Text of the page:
Click the track button again and it will start overwriting at the point you moved to playhead to, utilizing the new bounding boxes you set for it.
Now that this information is stored in the null object, you will want to attach your relevant layer to the null object. You will want to click and hold the pick-whip, which is a swirl symbol next to each layer, on the layer that you want to move within your base video clip that you just tracked the motion of, and drag it to the null object. That layer (perhaps a text title) is attached to the null object and possesses its characteristics – in this case, the motion animation. If you play your video you will now see your text move and scale with the video you tracked.
Next, we’re going to talk about masking. This is something you may already be familiar with from Premiere or Photoshop. Masking draws around an area to “mask” it in or out. That way effects can be applied to a specific area or you can put elements from one layer into another layer. Normally when you put a layer on top of another, the top layer will completely cover the bottom one. Masking allows you to erase around a subject and insert them into the layer below.
One of the most common everyday uses for masking is to get rid of unwanted objects in your scene. To do this, you will need a clean plate – basically a sample of what you want to cover the unwanted objects with. If you were planning this shot, you can take a still frame or a photo of your scene while filming, and use that as your clean plate – this should have no actors or objects in it. Alternatively, you can use masking to sample an area of your shot by duplicating the layer and selecting a clean area.
Drag in your clean plate over your footage. Then reduce the opacity so that you can see the bottom footage, and use the pen tool to mask around the rough area you want the objects removed from. When you’ve made your mask, set the opacity back to normal and you will see that the mask has covered the problem area!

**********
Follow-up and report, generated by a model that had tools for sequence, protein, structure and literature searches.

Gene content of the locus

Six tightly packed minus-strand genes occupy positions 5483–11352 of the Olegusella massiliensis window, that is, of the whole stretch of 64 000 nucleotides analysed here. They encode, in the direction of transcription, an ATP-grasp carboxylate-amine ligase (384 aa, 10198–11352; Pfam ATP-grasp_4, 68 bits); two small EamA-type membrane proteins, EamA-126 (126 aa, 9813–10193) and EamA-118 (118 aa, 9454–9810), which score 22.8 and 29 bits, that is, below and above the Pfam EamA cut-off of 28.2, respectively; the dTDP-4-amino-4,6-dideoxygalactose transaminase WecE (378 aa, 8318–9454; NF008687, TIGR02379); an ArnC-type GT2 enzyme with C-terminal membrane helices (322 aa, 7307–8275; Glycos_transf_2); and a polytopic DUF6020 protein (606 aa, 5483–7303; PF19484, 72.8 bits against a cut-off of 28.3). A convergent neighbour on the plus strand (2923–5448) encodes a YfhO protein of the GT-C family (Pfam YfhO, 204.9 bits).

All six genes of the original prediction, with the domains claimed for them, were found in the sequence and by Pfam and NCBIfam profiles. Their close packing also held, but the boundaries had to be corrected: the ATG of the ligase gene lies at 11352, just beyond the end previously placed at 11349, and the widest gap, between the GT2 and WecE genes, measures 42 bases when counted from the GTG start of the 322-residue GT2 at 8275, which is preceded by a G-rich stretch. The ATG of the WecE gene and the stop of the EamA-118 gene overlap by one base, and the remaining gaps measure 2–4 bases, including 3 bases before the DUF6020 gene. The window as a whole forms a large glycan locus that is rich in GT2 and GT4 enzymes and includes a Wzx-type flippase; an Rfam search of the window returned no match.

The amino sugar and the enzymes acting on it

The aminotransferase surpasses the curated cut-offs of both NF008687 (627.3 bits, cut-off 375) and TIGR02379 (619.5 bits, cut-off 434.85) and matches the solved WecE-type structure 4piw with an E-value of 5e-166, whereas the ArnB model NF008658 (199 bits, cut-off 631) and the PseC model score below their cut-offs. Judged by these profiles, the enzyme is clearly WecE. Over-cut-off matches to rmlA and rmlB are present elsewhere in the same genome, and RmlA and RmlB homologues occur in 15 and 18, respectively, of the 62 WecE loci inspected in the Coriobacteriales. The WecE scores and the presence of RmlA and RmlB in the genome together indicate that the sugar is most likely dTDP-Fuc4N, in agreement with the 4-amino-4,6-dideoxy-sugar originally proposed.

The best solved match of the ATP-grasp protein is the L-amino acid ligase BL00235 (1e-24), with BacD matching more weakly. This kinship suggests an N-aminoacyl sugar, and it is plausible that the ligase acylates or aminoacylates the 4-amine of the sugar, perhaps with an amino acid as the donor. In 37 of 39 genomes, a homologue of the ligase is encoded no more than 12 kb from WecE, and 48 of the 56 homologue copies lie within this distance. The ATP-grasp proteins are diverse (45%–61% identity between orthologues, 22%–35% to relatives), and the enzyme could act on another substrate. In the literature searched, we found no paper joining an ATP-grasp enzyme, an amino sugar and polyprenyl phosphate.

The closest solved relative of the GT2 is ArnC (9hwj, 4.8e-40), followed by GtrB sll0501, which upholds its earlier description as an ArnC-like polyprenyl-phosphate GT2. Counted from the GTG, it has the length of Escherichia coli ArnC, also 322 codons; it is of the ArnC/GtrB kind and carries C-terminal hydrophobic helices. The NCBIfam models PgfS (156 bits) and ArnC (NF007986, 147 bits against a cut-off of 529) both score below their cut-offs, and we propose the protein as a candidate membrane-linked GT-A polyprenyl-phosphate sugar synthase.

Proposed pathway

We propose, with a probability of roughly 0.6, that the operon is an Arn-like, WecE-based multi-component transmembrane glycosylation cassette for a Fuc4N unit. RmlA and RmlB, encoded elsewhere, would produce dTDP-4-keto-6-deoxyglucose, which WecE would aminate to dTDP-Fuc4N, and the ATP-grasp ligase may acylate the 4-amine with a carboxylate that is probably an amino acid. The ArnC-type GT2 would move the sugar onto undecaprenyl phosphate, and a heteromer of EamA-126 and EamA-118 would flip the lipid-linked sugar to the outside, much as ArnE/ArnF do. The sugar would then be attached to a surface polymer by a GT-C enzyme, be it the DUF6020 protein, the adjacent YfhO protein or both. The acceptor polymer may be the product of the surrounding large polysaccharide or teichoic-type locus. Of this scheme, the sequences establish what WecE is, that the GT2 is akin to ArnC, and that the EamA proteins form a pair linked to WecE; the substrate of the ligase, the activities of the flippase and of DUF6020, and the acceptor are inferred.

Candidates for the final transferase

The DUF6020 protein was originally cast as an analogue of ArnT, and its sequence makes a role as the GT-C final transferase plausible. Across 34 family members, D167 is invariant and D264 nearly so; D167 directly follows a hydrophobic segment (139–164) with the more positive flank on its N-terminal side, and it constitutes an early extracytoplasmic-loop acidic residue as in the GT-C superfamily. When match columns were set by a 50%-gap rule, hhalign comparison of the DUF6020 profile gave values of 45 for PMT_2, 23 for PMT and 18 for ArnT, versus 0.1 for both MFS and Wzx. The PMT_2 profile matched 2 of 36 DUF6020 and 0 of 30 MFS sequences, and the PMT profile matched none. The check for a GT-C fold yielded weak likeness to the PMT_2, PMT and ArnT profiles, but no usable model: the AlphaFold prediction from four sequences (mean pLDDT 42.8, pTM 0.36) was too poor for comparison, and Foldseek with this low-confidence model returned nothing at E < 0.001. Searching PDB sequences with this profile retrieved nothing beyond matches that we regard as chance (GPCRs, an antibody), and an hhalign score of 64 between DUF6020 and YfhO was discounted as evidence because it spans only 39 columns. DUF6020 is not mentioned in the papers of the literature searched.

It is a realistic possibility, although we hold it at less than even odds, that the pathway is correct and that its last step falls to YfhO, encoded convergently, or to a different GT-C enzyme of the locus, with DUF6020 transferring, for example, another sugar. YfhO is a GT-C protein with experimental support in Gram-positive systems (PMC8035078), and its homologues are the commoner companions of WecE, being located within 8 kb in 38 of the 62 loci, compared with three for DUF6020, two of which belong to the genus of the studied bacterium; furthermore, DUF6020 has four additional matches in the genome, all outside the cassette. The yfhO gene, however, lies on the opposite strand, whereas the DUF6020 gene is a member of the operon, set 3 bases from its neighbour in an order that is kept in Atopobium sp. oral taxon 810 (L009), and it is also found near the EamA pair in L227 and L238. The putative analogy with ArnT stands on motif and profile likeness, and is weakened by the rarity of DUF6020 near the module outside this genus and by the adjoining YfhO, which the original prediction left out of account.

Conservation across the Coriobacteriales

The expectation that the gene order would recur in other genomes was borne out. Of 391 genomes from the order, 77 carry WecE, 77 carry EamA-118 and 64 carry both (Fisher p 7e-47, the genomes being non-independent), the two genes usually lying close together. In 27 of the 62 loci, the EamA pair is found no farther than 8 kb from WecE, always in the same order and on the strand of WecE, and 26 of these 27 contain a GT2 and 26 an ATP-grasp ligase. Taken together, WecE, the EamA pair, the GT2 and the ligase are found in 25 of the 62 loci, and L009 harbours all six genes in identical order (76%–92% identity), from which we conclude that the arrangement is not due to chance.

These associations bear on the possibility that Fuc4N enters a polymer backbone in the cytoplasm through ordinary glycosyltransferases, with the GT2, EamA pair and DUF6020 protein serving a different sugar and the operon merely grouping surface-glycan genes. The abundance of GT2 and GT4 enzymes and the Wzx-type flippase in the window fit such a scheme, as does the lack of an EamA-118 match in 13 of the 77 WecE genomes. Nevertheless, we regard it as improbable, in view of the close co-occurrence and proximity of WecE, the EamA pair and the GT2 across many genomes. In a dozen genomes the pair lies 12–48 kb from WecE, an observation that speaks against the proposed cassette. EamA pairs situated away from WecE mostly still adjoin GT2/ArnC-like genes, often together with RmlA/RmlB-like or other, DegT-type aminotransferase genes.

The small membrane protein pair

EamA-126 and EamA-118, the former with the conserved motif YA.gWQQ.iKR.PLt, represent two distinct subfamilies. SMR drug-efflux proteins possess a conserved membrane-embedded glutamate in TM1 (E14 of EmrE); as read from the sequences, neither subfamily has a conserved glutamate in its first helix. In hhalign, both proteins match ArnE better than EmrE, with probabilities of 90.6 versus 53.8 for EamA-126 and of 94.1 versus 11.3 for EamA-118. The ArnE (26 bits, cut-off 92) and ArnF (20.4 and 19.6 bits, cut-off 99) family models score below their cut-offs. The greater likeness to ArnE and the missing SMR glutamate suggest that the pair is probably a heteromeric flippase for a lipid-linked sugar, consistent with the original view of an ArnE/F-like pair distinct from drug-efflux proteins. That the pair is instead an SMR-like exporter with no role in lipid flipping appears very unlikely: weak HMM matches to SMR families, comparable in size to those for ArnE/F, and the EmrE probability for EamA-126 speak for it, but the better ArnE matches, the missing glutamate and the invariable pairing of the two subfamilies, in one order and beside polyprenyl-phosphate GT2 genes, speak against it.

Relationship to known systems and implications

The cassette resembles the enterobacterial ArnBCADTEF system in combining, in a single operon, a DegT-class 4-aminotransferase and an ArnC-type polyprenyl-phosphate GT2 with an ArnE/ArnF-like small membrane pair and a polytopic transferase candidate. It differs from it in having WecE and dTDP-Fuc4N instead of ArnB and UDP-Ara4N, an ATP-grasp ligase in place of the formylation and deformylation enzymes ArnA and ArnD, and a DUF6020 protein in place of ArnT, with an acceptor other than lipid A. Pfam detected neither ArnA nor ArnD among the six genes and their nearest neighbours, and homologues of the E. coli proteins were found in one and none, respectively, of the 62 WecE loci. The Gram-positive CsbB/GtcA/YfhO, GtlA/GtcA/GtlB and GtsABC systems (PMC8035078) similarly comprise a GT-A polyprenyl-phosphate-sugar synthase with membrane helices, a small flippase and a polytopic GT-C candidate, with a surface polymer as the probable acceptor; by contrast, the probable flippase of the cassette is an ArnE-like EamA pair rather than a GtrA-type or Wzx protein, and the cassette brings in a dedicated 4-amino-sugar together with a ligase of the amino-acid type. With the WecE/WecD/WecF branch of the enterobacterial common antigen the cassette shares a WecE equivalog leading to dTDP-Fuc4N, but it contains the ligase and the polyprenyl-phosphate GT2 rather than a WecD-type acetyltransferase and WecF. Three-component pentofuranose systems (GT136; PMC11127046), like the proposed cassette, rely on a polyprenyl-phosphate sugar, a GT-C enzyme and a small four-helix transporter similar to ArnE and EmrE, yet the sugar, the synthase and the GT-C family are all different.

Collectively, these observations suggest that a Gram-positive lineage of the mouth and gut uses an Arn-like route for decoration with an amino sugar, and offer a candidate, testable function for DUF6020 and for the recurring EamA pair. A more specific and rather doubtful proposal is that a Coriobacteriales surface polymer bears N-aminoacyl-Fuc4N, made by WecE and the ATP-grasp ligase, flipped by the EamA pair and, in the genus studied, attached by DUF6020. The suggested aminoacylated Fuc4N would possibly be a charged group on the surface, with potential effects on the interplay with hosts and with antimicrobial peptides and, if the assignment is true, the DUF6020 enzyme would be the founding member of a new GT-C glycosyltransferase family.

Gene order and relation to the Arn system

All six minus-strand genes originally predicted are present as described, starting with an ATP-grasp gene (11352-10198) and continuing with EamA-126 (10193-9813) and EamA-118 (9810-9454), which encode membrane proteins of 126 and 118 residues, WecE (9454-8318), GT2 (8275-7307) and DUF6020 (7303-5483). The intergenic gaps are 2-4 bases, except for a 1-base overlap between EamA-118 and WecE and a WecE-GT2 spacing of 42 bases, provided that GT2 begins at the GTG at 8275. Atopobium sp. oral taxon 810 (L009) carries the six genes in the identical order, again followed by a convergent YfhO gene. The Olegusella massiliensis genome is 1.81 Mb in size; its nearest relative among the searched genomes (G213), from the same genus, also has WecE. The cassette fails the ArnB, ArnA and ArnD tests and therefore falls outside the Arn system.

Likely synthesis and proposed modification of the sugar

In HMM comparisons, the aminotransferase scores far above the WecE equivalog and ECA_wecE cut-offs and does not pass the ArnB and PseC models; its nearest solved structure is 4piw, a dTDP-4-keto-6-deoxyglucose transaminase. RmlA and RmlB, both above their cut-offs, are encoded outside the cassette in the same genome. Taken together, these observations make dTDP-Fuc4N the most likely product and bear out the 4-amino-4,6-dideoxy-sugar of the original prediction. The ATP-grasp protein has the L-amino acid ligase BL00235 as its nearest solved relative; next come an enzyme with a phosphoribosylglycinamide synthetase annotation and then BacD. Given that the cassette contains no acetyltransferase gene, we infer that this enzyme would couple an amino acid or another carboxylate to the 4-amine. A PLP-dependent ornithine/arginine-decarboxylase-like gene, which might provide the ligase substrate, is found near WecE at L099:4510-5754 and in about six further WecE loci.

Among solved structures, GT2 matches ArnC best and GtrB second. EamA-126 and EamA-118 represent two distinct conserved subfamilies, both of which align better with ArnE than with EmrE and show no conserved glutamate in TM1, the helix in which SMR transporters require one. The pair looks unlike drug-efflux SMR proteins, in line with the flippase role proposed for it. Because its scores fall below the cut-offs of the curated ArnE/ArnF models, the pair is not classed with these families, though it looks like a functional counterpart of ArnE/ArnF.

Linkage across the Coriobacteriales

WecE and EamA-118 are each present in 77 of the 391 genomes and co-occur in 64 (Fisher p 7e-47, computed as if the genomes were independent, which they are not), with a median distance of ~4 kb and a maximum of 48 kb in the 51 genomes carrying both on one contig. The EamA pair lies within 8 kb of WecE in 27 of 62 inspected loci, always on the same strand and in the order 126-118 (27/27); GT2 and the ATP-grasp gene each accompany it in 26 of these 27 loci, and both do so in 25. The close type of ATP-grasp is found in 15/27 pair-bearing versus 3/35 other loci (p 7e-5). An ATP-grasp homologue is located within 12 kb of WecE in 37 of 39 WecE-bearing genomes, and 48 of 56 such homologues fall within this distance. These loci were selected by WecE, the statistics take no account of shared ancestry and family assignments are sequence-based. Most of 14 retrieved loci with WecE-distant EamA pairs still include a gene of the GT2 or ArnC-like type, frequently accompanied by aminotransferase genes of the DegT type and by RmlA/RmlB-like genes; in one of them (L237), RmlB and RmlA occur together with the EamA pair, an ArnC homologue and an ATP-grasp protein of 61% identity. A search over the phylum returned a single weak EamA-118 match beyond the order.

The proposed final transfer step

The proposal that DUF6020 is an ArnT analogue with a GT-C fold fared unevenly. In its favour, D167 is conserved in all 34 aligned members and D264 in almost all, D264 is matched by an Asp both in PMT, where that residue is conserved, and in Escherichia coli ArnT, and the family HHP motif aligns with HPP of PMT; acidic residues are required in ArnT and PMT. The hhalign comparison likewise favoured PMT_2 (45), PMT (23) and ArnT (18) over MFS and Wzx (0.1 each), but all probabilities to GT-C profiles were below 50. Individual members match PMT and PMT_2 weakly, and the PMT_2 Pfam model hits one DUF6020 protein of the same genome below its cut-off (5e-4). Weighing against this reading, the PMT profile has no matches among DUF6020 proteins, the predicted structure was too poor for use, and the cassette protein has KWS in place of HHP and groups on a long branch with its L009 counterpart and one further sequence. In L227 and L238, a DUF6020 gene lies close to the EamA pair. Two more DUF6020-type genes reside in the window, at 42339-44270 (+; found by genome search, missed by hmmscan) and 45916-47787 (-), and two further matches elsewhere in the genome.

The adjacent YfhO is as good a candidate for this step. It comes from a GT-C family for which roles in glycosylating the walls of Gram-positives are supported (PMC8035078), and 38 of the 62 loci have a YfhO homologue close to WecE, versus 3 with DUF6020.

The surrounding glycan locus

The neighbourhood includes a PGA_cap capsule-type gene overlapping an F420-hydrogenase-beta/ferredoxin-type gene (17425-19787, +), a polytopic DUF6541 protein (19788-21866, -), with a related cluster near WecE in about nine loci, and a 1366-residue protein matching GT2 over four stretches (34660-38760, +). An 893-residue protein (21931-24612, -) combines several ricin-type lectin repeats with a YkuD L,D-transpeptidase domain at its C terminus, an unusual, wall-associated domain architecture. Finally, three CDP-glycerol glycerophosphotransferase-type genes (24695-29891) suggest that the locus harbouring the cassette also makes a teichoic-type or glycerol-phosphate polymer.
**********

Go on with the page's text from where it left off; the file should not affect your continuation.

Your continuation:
By default, masks are set to “Add” meaning that it only keeps whatever is within the bounds of your mask, and removes everything else. You can delve into your layer’s properties to see the mask details, and change the mask mode, depending on what exactly you’re doing. For example, if you’re masking out something rather than masking it in, you would use subtract. You can also have multiple masks on the same layer, each with their own independent properties.
To animate your mask, you can use the timeline to create keyframes. This is useful, for example, if your actor walks in front of the object you’re trying to mask out. With the current way the mask is set up, the mask will go over the actor and it won’t look good at all. Open up the properties of your mask, select the frame right before the mask covers your actor, and set a keyframe. This will be your starting point. Now start moving frame by frame, and adjusting the mask so that it masks what it needs to mask. Create additional masks as needed, following the same guidelines for animating them. To make the masks look more natural, you may want to slightly increase the feather. This creates a smoother transition between layers and reduces hard edges.